Dr Holly Ordway, author of Tolkien’s Faith shares how a memorial cross spoke powerfully to Tolkien of Jesus’ death and resurrection

Ruth Jackson spoke to Dr Holly Ordway, author of Tolkien’s Faith, about what Holy Week meant to him as a devout Catholic. Below is an adaptation of some of her insights. You can hear the full interview on The CS Lewis Podcast here


Holy Week 

In some senses, every Sunday is a little Easter, a celebration of the resurrection. But Easter is a big celebration of it, the high point of the year. And for Tolkien, as a Catholic, it would be led up to by the period of Lent – 40 days that are more penitential with fasting, different prayers, and where everything in the church is more sombre.

Then Holy Week takes us through, almost in real time, the last few days of Jesus’ life from the entry into Jerusalem, Good Friday, the crucifixion, Holy Saturday – that in between time – and then Easter Sunday, the full beauty of the resurrection. 

It’s a very powerful narrative. In a sense, it really brings you into the biblical story. It’s not just knowing about it, you really become participatory in a profound way.


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Good Friday 

As a Catholic, on Good Friday, there is the veneration of the cross. Veneration is not worship, we should be clear on this. It is an honouring, it’s recognising that it’s through the cross, through our Lord’s death that we get to Easter. We want to get to Easter, but we have to recognise the price that was paid to get us to Easter. Therefore, that veneration of the cross on Good Friday is a way of kind of bringing that that home to everybody. That was a really important part of Holy Week for Tolkien. 

One of the discoveries I made in researching Tolkien’s faith was a crucifix in the little parish church of St Gregory and St Augustine in Oxford, where Tolkien worshipped for about 20 years. As a parishioner, he would have gone to the Holy Week liturgies there. 

The crucifix that is now above the altar there has a little plaque on it, which says that it was given in memory of Captain Basil Brooks who died on the Somme in the Great War. As I talked with the pastor there, I learned that this cross used to be the one they used during Holy Week for veneration. It was carried in procession and held up for people to come forward and either kiss or touch. It is very incarnational to touch things, it is very earthy.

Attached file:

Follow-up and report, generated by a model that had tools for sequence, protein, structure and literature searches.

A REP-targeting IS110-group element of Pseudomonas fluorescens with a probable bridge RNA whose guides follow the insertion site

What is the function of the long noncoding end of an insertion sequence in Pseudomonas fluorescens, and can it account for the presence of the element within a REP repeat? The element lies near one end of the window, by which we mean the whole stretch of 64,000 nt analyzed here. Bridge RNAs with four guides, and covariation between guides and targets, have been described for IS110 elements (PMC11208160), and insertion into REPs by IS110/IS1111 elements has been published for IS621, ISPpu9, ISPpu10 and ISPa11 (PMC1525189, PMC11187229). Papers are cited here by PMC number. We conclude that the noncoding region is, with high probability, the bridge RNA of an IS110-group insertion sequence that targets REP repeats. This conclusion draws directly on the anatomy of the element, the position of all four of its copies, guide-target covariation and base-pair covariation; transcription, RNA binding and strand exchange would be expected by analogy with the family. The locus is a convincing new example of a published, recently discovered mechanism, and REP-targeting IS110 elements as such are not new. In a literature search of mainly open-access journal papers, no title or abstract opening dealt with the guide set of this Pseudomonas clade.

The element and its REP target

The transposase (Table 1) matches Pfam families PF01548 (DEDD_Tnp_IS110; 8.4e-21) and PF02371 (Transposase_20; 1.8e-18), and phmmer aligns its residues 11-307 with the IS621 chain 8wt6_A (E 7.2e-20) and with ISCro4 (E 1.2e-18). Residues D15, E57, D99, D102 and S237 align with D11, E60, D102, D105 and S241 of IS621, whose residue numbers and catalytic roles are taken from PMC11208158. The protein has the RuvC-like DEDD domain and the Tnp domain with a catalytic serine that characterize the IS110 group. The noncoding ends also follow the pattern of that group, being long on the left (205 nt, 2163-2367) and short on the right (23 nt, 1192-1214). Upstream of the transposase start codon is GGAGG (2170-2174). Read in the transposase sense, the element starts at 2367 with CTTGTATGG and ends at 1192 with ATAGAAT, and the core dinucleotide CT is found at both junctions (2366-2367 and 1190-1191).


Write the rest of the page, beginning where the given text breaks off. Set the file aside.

This crucifix was given in honour of the late Basil Brooks by his widow Gertrude. It is a very beautiful memorial. I started thinking about the dates on the plaque and realised that he was one of Tolkien’s contemporaries. He was an Oxford man, recently married, as Tolkien was. And Brooks was killed on the front, the day before Tolkien went over the same frontlines on the Somme. So, there’s really a sense in which it could have been Tolkien. It could easily have been the John Ronald Reuel Tolkien memorial cross, given by his grieving widow, Edith.


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Death and new life

In this memorial crucifix, you get the image of our Lord suffering for us, and it links up with the suffering and death that Tolkien saw on the front lines, the knowledge that men like him had laid down their life for their friends. It would have brought home the immediacy of death. And I think that is a really important part of Good Friday and the Holy Week liturgy, because we all are going to die. 

This is not something most of us like to think about. But we should, at some point, and for Tolkien, when he would go forward and touch the crucifix, he would have seen that little brass plaque and been reminded that it could have been him. 

And then, of course, that leads into the promise of resurrection, because we will die. But that’s not the end. And so I think that very incarnational moment, that connecting up of his own memories, the horrors of the war, the sacrifice of Captain Basil Brooks, brought it home in a way that I imagine probably helped to make it more real. Death is a real thing. Resurrection is a real thing. I found it quite moving to realise that connection. 


This is an adaptation of an interview Ruth Jackson did with Dr Holly Ordway, author of Tolkien’s Faith. You can hear the full interview on The CS Lewis Podcast here